The low-cost nature of NB-IoT modems encourages them to deploy uncompensated crystal oscillators (XOs) as frequency references. The frequency offset of an uncompensated XO, however, makes network acquisition inefficient under low network coverage. In the worst case, the bulk of an NB-IoT modem's power is consumed in network acquisition. This work demonstrates a discrete frequency synthesizer prototype that employs its phase-locked loop to compensate for the frequency offset of its reference XO. We propose an accurate crystal model and a compensation logic that are suitable for 32-bit microprocessors, commonly available in NB-IoT modems. Alternatively, when synthesized in a commercial 65-nm process in 24-bit precision, the proposed compensation logic is simulated to require a total area of 0.029 mm2 and power of 290 nW at a refresh rate of 1.4 kHz. Moreover, the XO model requires only 0.16 kB of RAM. The prototype achieves a compensation error level of down to 27 ppb (3Σ) over the temperature range from-40 to 85 °C. The dominant error sources of the prototype are discussed in detail. In addition, we show that an NB-IoT modem can use the information acquired from sequential network acquisitions to compose and update its XO model in the field. This support for field calibration removes the need for XO characterization in production and ensures the validity of the model over the NB-IoT modem's lifespan. The prototype achieves a compensation error level of down to 50 ppb (3Σ) in an emulated in-field calibration test, sufficient to ensure energy-efficient low-latency network acquisition under low network coverage.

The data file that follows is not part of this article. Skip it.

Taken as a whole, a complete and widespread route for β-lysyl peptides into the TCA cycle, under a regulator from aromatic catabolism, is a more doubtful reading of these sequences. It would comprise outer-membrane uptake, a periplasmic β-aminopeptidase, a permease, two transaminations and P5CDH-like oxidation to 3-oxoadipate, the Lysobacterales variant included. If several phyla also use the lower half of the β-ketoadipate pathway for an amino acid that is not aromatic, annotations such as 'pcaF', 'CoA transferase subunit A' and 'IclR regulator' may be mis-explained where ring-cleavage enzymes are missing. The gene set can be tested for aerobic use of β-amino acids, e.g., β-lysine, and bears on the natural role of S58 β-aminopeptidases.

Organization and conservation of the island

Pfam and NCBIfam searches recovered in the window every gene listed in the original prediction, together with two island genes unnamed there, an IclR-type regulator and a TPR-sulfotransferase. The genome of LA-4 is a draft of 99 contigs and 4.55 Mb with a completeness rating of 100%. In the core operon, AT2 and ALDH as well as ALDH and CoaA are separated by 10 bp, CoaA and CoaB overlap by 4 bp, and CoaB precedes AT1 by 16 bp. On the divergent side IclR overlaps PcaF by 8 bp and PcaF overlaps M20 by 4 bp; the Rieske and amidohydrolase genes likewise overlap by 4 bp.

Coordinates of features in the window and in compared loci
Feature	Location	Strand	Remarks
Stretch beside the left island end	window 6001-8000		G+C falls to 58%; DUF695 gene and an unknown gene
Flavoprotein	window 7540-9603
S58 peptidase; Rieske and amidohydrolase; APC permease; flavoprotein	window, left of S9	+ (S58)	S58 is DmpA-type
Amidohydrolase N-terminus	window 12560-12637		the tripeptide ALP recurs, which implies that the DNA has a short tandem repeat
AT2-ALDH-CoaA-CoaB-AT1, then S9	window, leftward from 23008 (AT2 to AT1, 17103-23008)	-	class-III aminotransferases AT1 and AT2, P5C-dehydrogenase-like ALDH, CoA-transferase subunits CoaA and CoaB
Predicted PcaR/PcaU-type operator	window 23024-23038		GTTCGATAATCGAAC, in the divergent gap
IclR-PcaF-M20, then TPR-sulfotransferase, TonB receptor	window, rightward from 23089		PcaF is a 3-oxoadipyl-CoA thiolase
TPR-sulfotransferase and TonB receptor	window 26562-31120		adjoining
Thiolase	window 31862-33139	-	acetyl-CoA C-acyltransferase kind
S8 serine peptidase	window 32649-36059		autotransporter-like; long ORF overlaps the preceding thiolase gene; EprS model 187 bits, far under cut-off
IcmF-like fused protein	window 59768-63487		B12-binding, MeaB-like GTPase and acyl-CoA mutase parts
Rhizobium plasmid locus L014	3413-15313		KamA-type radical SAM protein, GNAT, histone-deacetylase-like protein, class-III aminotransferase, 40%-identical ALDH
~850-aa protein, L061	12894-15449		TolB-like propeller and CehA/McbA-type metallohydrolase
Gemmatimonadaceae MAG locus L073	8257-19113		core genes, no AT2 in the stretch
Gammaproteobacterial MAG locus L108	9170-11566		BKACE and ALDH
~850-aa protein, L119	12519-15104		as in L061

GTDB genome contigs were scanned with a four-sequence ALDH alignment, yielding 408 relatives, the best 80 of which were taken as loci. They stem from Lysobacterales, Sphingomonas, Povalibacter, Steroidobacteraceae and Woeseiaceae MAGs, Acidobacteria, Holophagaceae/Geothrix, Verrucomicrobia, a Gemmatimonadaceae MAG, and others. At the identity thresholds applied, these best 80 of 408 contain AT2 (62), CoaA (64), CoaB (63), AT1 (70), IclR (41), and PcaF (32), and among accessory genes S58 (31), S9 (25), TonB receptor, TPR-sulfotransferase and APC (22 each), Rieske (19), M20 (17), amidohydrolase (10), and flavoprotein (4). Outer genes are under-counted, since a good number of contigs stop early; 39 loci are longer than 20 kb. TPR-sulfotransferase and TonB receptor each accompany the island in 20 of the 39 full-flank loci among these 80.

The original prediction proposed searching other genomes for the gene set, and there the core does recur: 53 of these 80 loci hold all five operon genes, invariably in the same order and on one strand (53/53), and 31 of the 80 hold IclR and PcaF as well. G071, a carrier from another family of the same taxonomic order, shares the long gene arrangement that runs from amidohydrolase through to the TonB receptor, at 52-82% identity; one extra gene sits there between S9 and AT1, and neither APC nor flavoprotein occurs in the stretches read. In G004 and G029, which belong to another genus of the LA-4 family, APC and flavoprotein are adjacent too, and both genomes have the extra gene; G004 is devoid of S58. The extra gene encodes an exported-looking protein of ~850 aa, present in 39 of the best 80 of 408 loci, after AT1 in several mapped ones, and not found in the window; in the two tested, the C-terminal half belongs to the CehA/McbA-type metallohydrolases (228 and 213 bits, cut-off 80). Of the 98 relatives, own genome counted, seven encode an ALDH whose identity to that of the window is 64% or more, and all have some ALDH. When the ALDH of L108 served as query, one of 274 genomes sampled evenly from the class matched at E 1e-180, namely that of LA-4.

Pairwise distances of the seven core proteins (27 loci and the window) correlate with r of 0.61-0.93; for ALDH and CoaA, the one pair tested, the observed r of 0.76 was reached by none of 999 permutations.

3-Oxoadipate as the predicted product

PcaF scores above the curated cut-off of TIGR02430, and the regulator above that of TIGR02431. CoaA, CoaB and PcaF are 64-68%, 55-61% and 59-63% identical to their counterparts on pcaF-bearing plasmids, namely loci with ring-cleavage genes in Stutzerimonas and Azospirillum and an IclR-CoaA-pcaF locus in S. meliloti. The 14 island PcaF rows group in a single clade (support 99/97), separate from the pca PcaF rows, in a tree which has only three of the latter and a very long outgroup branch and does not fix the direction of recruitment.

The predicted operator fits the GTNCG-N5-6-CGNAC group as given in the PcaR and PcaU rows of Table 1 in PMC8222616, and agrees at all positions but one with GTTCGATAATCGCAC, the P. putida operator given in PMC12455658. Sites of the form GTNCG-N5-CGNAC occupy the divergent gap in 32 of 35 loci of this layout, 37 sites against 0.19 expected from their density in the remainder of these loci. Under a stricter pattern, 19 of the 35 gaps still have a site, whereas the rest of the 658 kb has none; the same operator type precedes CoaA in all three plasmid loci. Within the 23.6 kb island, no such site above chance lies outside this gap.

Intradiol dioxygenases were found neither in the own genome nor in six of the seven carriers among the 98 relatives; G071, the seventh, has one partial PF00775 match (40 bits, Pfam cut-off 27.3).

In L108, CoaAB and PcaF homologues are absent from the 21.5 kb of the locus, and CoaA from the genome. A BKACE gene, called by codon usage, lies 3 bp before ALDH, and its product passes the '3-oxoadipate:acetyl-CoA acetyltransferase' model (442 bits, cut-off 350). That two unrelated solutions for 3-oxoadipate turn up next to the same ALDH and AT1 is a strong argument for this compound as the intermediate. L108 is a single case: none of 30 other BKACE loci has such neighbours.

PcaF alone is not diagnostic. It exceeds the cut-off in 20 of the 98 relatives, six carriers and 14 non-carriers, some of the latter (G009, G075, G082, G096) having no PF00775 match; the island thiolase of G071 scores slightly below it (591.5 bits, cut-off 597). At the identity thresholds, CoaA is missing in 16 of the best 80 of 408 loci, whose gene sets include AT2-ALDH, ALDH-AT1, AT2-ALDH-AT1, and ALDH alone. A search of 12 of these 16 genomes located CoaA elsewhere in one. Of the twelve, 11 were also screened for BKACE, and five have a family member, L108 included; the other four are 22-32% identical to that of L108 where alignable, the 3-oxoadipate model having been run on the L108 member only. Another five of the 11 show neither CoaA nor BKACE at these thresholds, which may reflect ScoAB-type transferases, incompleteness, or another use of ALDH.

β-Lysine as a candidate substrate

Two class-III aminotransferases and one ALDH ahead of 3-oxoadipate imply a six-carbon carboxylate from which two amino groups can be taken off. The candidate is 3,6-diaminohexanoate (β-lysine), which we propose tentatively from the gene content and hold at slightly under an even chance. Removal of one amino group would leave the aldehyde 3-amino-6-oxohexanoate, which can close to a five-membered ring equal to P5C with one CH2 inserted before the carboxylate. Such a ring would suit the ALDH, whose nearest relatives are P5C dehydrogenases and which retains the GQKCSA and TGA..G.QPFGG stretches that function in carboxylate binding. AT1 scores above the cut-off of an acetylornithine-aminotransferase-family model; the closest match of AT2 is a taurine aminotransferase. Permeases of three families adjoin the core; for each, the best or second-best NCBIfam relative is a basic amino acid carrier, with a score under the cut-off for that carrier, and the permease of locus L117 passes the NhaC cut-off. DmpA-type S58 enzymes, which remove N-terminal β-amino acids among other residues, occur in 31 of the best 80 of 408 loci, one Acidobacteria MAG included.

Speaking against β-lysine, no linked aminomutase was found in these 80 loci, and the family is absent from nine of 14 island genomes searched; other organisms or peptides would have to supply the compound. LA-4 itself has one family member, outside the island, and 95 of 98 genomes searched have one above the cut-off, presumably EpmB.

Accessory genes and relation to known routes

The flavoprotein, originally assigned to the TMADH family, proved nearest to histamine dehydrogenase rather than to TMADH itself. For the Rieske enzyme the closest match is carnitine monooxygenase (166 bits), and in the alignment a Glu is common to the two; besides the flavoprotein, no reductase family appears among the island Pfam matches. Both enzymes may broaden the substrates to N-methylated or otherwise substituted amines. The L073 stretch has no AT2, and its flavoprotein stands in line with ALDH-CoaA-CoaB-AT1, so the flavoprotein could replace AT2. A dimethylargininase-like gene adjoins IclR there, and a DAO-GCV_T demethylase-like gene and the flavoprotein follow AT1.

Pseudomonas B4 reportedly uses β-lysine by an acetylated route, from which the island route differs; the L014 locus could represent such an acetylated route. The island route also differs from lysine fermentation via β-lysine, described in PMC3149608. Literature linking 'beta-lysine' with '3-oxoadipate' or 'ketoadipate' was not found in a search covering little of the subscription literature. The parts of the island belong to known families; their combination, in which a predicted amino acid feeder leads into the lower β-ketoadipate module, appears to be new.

|Julkaisu||IEEE Transactions on Circuits and Systems I: Regular Papers|
|DOI - pysyväislinkit|
|Tila||Julkaistu - heinäk. 2020|
|OKM-julkaisutyyppi||A1 Julkaistu artikkeli, soviteltu|
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